Much of the literature published so far on gender relations in rural areas has either focused on comparisons of the position of men and women, or explored the position of women given prevailing structural forces and behavioural 'norms' that restrict the autonomy of women as human agents. This groundbreaking book broadens the debate by developing our understanding of how societal processes produce and sustain gender divisions, particularly in rural areas, highlighting aspects of rural women's lives previously invisible in the literature. Illustrated by case studies from France, Germany, Greece, Norway and Sweden, the book examines the critical issues of education and training, entrepreneurship, leadership, limited work and service opportunities, social mobility, and work experiences. In doing so, the contributors provide a fascinating comparative study of both national-regional and broader European realities.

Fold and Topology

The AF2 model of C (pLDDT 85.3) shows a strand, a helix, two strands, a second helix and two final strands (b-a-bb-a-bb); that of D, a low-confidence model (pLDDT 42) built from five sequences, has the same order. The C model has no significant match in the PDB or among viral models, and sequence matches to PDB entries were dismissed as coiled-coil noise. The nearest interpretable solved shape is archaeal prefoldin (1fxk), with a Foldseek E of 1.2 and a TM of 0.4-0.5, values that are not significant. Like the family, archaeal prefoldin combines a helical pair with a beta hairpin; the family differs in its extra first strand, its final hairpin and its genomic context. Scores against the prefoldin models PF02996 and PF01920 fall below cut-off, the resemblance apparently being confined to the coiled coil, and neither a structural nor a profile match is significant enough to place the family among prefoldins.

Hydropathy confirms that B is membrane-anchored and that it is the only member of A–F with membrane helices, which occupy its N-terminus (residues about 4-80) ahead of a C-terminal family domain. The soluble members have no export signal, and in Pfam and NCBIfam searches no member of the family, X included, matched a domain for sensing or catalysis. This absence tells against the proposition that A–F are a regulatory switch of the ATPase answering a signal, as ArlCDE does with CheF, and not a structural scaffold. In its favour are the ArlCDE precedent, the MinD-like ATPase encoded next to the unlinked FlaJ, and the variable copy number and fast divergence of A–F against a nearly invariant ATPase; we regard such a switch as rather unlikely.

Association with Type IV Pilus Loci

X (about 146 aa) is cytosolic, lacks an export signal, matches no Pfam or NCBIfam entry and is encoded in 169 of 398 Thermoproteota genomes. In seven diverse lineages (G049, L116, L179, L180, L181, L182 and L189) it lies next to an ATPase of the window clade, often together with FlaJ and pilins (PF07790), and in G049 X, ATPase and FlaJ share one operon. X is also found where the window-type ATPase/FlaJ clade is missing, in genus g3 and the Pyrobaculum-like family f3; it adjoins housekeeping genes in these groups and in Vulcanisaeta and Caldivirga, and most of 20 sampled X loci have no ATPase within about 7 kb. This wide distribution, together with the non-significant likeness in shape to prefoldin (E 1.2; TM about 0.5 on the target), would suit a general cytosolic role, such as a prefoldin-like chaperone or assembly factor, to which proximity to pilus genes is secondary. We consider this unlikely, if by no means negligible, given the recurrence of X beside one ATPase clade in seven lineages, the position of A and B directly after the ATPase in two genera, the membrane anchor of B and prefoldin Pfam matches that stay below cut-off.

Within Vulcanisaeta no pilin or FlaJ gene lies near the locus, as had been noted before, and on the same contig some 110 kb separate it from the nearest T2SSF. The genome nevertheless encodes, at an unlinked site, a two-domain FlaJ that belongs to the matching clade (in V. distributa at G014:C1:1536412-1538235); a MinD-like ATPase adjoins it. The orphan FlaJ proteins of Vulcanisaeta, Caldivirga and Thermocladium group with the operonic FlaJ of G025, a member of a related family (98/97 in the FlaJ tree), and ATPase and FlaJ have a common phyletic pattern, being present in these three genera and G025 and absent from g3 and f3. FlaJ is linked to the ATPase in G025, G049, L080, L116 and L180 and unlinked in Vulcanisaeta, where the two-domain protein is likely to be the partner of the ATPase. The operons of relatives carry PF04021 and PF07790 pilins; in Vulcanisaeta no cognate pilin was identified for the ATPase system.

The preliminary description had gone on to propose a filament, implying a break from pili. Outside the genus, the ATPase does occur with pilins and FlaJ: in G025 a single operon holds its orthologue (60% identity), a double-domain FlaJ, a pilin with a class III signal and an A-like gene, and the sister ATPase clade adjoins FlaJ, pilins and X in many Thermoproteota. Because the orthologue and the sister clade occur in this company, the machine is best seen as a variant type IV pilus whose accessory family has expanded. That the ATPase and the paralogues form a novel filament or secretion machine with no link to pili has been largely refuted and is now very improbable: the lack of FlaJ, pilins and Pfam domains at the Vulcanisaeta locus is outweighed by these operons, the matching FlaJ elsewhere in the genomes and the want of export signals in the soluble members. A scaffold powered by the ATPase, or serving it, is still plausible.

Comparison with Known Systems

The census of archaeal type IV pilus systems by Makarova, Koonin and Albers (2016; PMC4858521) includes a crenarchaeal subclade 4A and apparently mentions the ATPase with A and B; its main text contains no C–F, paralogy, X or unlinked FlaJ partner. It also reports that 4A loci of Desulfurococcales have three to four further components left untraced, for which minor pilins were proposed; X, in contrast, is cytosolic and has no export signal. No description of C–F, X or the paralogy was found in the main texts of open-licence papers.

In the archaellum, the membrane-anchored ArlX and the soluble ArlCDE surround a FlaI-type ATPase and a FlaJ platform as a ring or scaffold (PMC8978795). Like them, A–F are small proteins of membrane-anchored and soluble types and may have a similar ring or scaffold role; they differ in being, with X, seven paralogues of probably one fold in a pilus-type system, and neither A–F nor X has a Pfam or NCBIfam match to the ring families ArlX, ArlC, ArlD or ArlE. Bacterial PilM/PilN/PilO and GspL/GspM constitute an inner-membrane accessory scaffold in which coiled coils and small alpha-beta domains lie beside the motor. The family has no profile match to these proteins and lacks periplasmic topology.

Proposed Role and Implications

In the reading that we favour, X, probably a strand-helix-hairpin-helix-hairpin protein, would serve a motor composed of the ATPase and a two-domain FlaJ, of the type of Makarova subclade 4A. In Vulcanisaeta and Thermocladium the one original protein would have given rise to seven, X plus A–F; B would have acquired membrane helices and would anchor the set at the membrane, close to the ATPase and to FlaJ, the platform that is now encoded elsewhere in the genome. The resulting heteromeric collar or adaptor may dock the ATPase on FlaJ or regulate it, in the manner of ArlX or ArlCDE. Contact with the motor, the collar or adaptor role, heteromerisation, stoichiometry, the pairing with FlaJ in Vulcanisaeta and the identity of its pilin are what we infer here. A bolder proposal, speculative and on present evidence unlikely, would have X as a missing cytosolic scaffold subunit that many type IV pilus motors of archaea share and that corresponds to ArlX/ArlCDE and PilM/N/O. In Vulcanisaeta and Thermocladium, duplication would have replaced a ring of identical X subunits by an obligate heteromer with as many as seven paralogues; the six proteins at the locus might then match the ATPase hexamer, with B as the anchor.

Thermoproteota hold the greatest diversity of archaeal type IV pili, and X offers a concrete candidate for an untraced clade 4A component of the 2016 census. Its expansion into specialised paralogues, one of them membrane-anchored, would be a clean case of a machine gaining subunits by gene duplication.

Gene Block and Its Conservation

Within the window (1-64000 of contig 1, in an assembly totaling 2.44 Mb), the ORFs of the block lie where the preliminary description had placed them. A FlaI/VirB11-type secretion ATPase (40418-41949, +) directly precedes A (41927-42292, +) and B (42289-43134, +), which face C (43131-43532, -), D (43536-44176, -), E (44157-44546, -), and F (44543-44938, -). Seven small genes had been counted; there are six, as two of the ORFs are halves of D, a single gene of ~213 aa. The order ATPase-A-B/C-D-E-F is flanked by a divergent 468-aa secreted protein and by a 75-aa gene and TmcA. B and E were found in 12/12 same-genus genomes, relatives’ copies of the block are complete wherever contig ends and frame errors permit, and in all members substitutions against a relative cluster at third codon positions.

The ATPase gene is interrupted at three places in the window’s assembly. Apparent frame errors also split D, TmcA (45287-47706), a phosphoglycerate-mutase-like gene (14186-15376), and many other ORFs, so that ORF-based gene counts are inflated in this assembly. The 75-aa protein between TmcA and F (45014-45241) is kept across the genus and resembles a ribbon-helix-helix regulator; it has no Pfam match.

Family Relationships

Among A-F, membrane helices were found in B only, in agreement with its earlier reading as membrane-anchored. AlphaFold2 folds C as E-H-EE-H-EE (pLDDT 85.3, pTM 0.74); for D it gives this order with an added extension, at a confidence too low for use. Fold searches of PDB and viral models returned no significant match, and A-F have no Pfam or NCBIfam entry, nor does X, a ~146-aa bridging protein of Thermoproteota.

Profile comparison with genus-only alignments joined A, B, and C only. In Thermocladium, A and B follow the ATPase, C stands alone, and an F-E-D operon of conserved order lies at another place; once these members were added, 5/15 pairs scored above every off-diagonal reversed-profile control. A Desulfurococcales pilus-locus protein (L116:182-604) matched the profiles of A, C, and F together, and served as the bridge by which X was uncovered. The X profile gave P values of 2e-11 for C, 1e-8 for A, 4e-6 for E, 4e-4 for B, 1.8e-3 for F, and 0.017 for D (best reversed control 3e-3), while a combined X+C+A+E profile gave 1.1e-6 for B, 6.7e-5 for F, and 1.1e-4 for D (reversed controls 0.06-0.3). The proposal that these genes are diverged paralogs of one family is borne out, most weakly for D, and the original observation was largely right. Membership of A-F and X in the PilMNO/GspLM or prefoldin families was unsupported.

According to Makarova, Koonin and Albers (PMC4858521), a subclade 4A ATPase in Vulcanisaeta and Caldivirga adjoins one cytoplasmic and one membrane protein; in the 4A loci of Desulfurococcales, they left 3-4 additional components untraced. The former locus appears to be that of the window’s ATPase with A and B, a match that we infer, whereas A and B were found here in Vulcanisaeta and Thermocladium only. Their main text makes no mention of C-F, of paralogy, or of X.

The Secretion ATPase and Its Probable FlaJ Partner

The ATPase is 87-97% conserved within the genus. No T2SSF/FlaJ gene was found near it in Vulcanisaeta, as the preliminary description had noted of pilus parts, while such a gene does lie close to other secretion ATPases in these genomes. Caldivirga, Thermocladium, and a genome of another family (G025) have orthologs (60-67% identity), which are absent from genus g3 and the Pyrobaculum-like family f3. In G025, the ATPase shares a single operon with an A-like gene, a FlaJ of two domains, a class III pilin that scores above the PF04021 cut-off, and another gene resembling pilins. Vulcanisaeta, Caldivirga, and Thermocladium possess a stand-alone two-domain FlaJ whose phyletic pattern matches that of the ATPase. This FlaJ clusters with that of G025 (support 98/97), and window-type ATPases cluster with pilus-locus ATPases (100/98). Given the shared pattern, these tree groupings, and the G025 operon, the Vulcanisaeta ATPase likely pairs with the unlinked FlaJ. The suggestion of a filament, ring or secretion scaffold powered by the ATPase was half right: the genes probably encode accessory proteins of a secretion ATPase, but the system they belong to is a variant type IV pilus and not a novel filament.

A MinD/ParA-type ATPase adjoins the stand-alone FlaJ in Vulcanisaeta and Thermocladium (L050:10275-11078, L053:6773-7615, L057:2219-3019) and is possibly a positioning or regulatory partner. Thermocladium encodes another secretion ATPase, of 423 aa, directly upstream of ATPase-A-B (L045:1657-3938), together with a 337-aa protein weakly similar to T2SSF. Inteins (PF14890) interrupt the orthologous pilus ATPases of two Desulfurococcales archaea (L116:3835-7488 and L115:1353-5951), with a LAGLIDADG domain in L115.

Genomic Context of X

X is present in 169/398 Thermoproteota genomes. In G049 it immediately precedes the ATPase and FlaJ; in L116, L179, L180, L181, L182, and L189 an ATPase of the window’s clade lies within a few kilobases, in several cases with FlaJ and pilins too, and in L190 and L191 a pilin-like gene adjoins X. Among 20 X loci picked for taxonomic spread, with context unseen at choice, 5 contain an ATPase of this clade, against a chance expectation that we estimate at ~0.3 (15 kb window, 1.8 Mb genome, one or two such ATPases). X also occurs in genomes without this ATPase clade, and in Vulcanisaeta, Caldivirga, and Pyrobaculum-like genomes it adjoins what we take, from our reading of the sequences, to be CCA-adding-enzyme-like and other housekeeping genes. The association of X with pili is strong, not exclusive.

Contents: Structures, cultures, personalities, places, policies: frameworks for uneven development, Keith Hoggart; It still matters where you live: rural women's employment throughout Europe, Bettina Bock; Women in rural France: mediators or agents of change?, Marion Demossier; Rural women's employment opportunities and constraints: the Norwegian case, Marit S. Haugen; Feminization trends in agriculture: theoretical remarks and empirical findings from Germany, Heide Inhetveen and Mathilde Schmitt; Partnerships for regional development and the question of gender equality, Christina Scholten; Rural women in the former GDR: a generation lost?, Bettina van Hoven; Can education be a strategy for developing rural areas?, Ingunn Limstrand and Marit Stemland; Index.